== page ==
A crazy ride to Sunny Beach

So I decided to start sharing my stories with that one. Not because of chronology and not because it’s the most exciting one but because I wrote it the day after it happened – which is what I believe is the best time to write a story – without forgetting important details and without adding too much fiction to it

So here comes my first travel blog post…

I spent a week at the sea with my best friend at the beginning of August. We had a great time that could fill several other stories. But it was time to go.
We left our apartment in Sozopol, Bulgaria at noon and went to the beach where we met friends, that we had made earlier during our stay at the seaside. It was Sunday so for many people including us it was the last day there and the vibe was more chilled than high-energy. You can imagine a relaxing afternoon at the beach, with the sound of funky house and nu-disco in the background. The feeling after some good time spent at the sea, contentedness, people that were around you for the past few days and have become your friends are going to fade away and you know it.
My friend had to catch a flight from Sofia the next day, and I had to go to Varna the same night.

My friend and I at the mentioned beach

Thinking about life, the universe and everything on the same beach

Of course, it was hard to leave the beach, so we waited until the last bus from Burgas. My friend dropped me at the bus station in Burgas and left to Sofia.
Weird thing number 1 – in the middle of the active season, the last bus connecting the 2 big cities on the Bulgarian coast was at 19.00h.
I went and found the bus – it was (weird thing number 2) – a small van-like vehicle. I asked the driver if it was the bus to Varna, he confirmed and asked me if I already had a ticket. I didn’t have it. It was ten minutes to 19.00. The driver told me in a not-so-polite manner to go and buy a ticket inside the building, so I went inside and while I was walking in the building I saw through the window that the bus left.
This was let’s say weird thing number 3.
I asked at the office inside the building and they confirmed it was the last bus.
Great.
I called my friend and told him what happened. He was actually really concerned about me and offered to come back to Burgas with his car and drive me somewhere else if there’s a bus to Varna from that place, but I knew he had to pick his parents from the airport later that evening and I didn’t want to mess his plans up. So I told him I’ll figure out something.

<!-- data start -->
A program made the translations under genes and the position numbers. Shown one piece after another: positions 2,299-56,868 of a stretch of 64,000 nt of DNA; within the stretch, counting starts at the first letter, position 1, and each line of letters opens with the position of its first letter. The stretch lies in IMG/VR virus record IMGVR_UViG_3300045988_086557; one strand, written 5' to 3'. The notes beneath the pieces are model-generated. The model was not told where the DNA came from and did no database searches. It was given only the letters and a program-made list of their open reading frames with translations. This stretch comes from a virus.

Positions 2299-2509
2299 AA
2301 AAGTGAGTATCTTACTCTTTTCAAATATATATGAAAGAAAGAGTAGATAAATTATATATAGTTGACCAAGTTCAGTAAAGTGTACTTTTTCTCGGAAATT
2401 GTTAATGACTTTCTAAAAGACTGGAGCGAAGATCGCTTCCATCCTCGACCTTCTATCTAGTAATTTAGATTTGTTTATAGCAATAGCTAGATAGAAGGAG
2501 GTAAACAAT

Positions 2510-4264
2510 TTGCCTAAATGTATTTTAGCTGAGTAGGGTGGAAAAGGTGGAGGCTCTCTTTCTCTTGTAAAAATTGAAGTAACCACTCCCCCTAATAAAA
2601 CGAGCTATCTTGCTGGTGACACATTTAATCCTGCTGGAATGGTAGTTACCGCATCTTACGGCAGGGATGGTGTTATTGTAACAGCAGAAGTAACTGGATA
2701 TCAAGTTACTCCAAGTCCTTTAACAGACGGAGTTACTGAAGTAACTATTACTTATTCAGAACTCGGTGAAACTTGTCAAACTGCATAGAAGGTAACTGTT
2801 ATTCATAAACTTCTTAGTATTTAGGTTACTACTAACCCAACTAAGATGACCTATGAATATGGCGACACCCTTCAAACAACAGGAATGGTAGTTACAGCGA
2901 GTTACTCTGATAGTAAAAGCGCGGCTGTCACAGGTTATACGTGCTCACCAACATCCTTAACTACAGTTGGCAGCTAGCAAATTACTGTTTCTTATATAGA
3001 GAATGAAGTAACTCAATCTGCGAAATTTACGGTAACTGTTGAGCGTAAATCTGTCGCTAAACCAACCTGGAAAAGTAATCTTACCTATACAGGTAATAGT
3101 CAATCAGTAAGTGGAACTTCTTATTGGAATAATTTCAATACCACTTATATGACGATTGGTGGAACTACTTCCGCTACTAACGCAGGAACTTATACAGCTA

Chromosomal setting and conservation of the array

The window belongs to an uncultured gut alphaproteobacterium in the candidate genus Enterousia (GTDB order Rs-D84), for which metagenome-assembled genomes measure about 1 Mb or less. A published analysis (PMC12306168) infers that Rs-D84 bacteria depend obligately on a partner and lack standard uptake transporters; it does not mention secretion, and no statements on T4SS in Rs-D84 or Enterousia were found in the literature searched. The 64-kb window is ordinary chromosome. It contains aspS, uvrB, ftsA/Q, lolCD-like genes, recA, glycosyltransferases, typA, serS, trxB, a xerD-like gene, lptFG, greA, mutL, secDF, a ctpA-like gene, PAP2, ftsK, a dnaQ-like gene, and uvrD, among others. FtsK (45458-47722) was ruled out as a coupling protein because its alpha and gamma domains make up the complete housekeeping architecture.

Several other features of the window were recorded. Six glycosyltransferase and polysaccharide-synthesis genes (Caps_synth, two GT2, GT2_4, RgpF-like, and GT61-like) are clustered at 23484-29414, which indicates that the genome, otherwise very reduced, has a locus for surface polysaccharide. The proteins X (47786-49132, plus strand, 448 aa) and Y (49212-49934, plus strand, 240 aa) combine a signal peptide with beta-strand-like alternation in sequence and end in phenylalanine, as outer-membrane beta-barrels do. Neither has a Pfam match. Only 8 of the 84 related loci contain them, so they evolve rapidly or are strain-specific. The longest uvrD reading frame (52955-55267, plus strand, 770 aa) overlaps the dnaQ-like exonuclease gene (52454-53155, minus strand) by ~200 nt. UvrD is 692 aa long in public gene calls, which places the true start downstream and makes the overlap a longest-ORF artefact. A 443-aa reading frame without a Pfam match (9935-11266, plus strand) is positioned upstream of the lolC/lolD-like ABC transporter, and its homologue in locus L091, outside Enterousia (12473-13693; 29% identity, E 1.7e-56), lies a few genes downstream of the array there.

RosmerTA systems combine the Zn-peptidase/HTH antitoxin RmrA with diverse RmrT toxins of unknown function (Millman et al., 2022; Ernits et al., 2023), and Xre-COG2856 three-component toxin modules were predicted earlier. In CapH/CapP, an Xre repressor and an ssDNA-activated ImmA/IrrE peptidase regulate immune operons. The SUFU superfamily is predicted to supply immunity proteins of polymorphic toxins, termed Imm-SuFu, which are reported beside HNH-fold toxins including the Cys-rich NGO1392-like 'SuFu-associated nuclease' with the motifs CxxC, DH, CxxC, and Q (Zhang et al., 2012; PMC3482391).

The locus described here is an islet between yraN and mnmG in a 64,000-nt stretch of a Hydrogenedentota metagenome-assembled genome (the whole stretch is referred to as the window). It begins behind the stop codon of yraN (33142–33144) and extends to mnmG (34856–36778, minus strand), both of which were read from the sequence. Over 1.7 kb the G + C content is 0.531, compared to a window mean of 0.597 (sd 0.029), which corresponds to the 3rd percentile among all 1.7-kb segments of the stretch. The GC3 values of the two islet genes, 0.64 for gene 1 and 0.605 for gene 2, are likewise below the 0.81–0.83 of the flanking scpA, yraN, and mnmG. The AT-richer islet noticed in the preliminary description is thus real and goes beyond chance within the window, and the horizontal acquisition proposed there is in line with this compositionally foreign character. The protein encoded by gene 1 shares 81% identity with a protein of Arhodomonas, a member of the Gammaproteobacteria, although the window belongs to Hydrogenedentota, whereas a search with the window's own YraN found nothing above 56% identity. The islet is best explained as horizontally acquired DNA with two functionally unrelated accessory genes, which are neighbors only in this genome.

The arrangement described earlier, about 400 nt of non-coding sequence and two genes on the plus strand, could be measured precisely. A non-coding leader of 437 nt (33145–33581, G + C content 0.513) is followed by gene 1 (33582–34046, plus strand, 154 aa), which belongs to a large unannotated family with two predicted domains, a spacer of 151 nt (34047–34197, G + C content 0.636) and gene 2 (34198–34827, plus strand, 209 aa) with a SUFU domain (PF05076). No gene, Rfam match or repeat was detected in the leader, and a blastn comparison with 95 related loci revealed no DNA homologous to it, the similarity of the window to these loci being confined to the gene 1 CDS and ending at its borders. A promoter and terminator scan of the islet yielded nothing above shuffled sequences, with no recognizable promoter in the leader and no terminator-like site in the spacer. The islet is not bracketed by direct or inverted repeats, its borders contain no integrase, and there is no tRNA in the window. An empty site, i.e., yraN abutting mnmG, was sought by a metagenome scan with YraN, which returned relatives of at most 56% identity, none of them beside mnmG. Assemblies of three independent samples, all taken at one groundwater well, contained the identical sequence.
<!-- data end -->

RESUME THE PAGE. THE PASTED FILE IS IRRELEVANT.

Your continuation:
I was once again outside and I saw a group of people discussing something at the place where the bus left 5 minutes ago.
It turned out they also wanted to go to Varna, but there were no more seats in the bus.
I kinda thought that the driver could have said that instead of “Go inside and buy a ticket”.
Anyway.
There were like 10 people in that group, but it turned out that only 5, including me, are going to Varna, and the others are their friends. It also turned out that they didn’t know each other from earlier. They met at the bus station like 10 minutes before I arrived there.
One of the friends who was not leaving for Varna turned out to be a taxi driver. A tall bearded guy who looked calm and chilled. He offered to drop us at Sunny beach, where we could take another bus to Varna later. He also said he’s going to charge us only the price of the bus ticket from Burgas to Sunny beach. And that was more than just a kind gesture, cause usually, the taxi would charge at least 5 times that price.
But we were still 5 travellers – 2 guys and 3 girls and together with the driver that meant 6 people in a car that only fits 5. Or at least it should in normal circumstances fit only 5.
So after a little bit of discussion, it was decided – that was the plan. We were going with the taxi to Sunny beach and then we would take the bus from there.
I and the 3 girls were packed at the backseat of the taxi like sardines in a can.

A blurry picture, but it describes the situation in the best possible way

The car was old and it didn’t seem very reliable, actually it was quite the opposite – as I was closing the back door, the handle almost detached from the door.